17. Jim Rancid Owl
    at 8:32 pm on June 13, 2016

    “Speaking of bourgeois middlebrow morals, Sean H and others are right to pick up on the sneering contempt at Hemingway due to his white maleness.
    “Like many men who pride themselves on their toughness and self-reliance, Hemingway was almost comically insecure and prone to betray anyone who had the effrontery to do him a favor. ”
    Replace that sentence with “woman” and see how insanely over the top it become, along with numerous others in this review.”

    1) It isn’t white maleness he’s making a generalization about, it’s maleness. It’s male insecurity. As perfectly dramatized in this comments section by the the men comically affronted by this apparently accurate generalization.

    2) It’s strange to me that the anti-PC/anti-thought police/anti-SJW brigade here would so assiduously police the author’s rather innocuous remarks re: Hem’s masculinity and character, on the basis of some perceived or hypothetical unfairness in arguing the same about other genders or races. This seems like the very essence of what these commenters are arguing against. Be the change you wish to see in the world, boys!

  18. VnB
    at 6:06 am on June 14, 2016

    “This seems like the very essence of what these commenters are arguing against. Be the change you wish to see in the world, boys!”

    Absolutely. Don’t criticise something you don’t like boys! You don’t want to take a stand against your betters! That might undermine their smug sense of self-satisfaction!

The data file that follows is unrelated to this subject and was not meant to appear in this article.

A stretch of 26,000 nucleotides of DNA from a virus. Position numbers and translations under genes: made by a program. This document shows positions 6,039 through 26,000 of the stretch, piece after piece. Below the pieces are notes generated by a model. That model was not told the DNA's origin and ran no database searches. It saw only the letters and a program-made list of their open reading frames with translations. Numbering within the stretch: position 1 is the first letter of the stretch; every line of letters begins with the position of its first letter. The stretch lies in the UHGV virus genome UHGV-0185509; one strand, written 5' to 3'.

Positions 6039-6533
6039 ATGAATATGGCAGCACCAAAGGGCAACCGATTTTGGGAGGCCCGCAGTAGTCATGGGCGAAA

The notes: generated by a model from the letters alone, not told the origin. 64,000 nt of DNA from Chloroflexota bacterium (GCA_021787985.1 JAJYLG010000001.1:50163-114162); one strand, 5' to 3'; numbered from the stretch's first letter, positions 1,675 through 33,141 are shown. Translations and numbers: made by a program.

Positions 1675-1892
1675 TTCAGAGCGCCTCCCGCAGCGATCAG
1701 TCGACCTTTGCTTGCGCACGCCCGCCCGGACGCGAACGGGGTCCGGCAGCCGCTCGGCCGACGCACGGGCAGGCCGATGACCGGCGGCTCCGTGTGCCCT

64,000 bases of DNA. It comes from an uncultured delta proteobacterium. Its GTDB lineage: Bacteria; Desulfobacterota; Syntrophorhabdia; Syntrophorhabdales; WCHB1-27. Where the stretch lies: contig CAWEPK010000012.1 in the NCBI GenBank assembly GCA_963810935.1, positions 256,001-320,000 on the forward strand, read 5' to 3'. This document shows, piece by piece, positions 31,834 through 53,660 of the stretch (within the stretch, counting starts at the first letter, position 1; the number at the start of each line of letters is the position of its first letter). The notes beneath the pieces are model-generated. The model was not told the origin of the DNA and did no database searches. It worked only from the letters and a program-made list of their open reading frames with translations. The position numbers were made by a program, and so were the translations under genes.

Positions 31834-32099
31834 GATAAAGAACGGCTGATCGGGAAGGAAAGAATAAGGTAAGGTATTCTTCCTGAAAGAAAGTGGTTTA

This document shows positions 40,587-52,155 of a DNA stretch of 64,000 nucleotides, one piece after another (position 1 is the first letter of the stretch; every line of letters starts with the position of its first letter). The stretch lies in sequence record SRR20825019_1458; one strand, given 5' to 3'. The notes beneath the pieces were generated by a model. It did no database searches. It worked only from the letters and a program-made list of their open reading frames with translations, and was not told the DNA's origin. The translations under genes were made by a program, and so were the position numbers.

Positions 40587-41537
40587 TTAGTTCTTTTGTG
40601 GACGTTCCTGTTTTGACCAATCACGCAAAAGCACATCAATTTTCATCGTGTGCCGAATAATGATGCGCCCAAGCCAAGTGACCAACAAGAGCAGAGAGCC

19. Stan Tontas
    at 7:55 am on June 14, 2016

    I enjoyed this essay. I wasn’t aware quite how autobiographical TSAR was and the author’s central point about the distancing device around the narration is thought provoking and frankly, a funny image. (What _would_ Papa have been without little Papa…?)

    For more base reasons, I also enjoyed the comments from Hemingway fans aping the master’s brittle machismo.

  20. Dirty Shanks
    at 11:24 am on June 14, 2016

    “Absolutely. Don’t criticise something you don’t like boys! You don’t want to take a stand against your betters! That might undermine their smug sense of self-satisfaction!”

    Or, you know, don’t get all offended and sensitive about other people’s hypothetical sensitivity and offense-taking. In general, the Embattled White Male is one of the most odious species in the internet taxonomy of odiousness, and the spectacle of EWMs rushing to Papa’s aid in this comment section is pretty funny.

  21. Gart
    at 3:26 pm on June 14, 2016

    Can someone explain to me what Hemingway’s skin color has to do with anything? It’s not mentioned in the piece.

  22. Dirty Shanks
    at 8:32 pm on June 14, 2016

    Gart,

    It doesn’t. But he is, in fact, a white male, and people are getting tangentially mad about the perceived license granted to criticize white males as a group, by way of conjuring an impossible counterfactual in which, say, a black woman was similarly criticized. This may or may not be impossible, although as a white man, I will say that if the worst thing white men have to endure to maintain their seemingly eternal position at the top of the privilege heap is the occasional stereotyping barb, I’m all for it!